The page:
Review: Brothers: A Tale Of Two Sons
We come across many games that are mediocre and decent which pander to the common denominator. Brothers: A Tale Of Two Sons is not one of those games. It is a breath of fresh air filled with purpose, emotional impact and above all else heart.
- Addictive?Yes, the game drives you to play through its epic story.
- Worth The Time?Yes, Brothers is an emotionally fulfilling and gripping game to the very end.
- Things LovedThe art direction is outstanding and features a mix of fantasy tidbits from a range of games. The game's characters capture your eye from the very moment you begin your journey. The musical score is effortless and feels like a childhood lullaby that parents sing to their children. The same can be said of the gameplay mechanics which are unique especially with each brother controllable via each of the thumbsticks, and the story transitions wonderfully throughout the whole experience. It's a game which holds your attention and you never lose interest.
- Things HatedThere were some awkward moments getting used to the orientation of having to control each brother independently through each thumbstick of the controller, but this at the same time makes the experience increasingly rewarding once you finish Brothers. The game ended far too quickly, but oozes oodles of quality above anything else.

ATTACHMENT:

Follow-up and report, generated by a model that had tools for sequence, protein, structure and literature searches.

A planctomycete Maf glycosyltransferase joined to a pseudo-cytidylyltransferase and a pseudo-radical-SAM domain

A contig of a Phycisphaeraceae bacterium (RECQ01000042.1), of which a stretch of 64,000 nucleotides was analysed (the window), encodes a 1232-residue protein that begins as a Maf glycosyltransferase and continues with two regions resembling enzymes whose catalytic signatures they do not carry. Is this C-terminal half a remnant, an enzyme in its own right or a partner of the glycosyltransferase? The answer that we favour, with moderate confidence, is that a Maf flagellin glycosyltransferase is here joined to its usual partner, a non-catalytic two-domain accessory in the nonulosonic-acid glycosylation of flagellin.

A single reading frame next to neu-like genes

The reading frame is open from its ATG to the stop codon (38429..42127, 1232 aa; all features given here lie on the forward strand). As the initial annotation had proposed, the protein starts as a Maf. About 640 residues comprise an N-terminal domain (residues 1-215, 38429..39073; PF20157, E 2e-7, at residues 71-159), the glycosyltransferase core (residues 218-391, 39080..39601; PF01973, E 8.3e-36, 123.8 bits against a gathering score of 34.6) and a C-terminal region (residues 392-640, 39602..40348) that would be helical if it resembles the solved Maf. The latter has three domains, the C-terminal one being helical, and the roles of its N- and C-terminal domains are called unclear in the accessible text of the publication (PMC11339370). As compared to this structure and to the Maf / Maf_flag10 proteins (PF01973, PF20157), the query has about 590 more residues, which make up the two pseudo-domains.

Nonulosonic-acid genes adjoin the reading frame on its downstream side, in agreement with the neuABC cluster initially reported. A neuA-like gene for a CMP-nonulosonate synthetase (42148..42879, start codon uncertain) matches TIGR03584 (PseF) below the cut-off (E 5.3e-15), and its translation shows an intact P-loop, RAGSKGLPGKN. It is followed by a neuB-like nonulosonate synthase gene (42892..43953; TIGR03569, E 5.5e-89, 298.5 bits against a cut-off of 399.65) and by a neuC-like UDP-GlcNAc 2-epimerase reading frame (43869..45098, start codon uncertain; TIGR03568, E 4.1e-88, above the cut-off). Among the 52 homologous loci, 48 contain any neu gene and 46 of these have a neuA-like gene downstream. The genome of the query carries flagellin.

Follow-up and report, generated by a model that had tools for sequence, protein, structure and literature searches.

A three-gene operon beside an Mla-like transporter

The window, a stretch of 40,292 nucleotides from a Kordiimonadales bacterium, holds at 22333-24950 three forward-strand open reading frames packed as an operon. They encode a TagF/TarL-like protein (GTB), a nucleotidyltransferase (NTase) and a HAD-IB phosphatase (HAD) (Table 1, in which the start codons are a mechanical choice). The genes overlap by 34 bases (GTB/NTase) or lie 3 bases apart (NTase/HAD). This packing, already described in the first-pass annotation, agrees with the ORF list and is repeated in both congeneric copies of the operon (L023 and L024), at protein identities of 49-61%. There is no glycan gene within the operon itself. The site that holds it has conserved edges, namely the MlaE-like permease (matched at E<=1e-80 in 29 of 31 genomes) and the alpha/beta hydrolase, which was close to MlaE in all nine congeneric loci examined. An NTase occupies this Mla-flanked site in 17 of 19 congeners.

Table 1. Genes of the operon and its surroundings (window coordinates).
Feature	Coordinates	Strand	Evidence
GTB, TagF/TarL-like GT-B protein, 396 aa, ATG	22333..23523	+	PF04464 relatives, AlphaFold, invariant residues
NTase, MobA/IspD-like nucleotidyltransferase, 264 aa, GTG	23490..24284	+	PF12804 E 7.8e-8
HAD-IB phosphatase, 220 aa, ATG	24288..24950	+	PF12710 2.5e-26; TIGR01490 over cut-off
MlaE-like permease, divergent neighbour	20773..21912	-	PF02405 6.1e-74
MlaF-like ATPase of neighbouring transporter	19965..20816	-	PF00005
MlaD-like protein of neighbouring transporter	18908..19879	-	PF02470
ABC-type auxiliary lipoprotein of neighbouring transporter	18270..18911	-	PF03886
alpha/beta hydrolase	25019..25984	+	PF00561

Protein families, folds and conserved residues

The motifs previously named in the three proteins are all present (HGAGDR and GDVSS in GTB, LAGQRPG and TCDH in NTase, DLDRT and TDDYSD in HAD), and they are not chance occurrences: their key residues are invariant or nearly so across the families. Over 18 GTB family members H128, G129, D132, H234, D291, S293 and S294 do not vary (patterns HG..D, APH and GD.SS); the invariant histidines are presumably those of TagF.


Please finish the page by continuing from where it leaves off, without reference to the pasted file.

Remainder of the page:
- RecommendationIf you are a lover of art games, games with meaning, games with purpose then this is one for you.
- Quick ConclusionThis is by far the best game on XBLA at the moment, and will soon be making its way to PSN and Steam. Brothers: A Tale Of Two Sons tells a compelling story with heart and an emotional tonality that rivals games such as Ico, Shadow of the Colossus, Journey and Telltale's Walking Dead. It attains this with simple mechanics and an assortment of puzzles that lead two brothers down a path where both their strengths and weaknesses are tested. This makes for one of the best experiences this year. In other words, you should be playing this game.
- Name: Review: Brothers: A Tale Of Two Sons
- Genre: Action Adventure
- Players: 1
- Multiplayer: None
- Platforms: XBLA, PSN, Steam
- Developer: Starbreeze Studios
- Publisher: 505 Games
- Price: 1200 MP (R150)
- Reviewed On: Xbox 360
Brothers: A Tale Of Two Sons is a very simple to understand game that uses a basic story to outline the characters of two brothers, who are journeying across a vast expanse in search of a cure for their father’s illness. In this quest, they make their way through a multitude of environments, from snow-capped mountains, to deep dark forests and an underground network of mines. However, progression in the game is reliant on your ability to make the two brothers co-operate in unison to overcome challenges and puzzles, as both brothers are controlled independently by each thumbstick on your controller.
What is brilliant about the game is that emphasises the differences between the two brothers, which is not only dictated by the age difference between the two, with one clearly older than the other. Each brother is uniquely suited to different tasks and it’s particularly interesting when it comes to interacting with non-playable-characters (NPC) in order to find out what you’re supposed to do next. The younger brother may be able to illicit a response from a certain NPC, but fail when it comes to getting information from another NPC. This is where you could use the older brother to see if you’ll receive a different response from an NPC. Both brothers interact with the environment around them differently.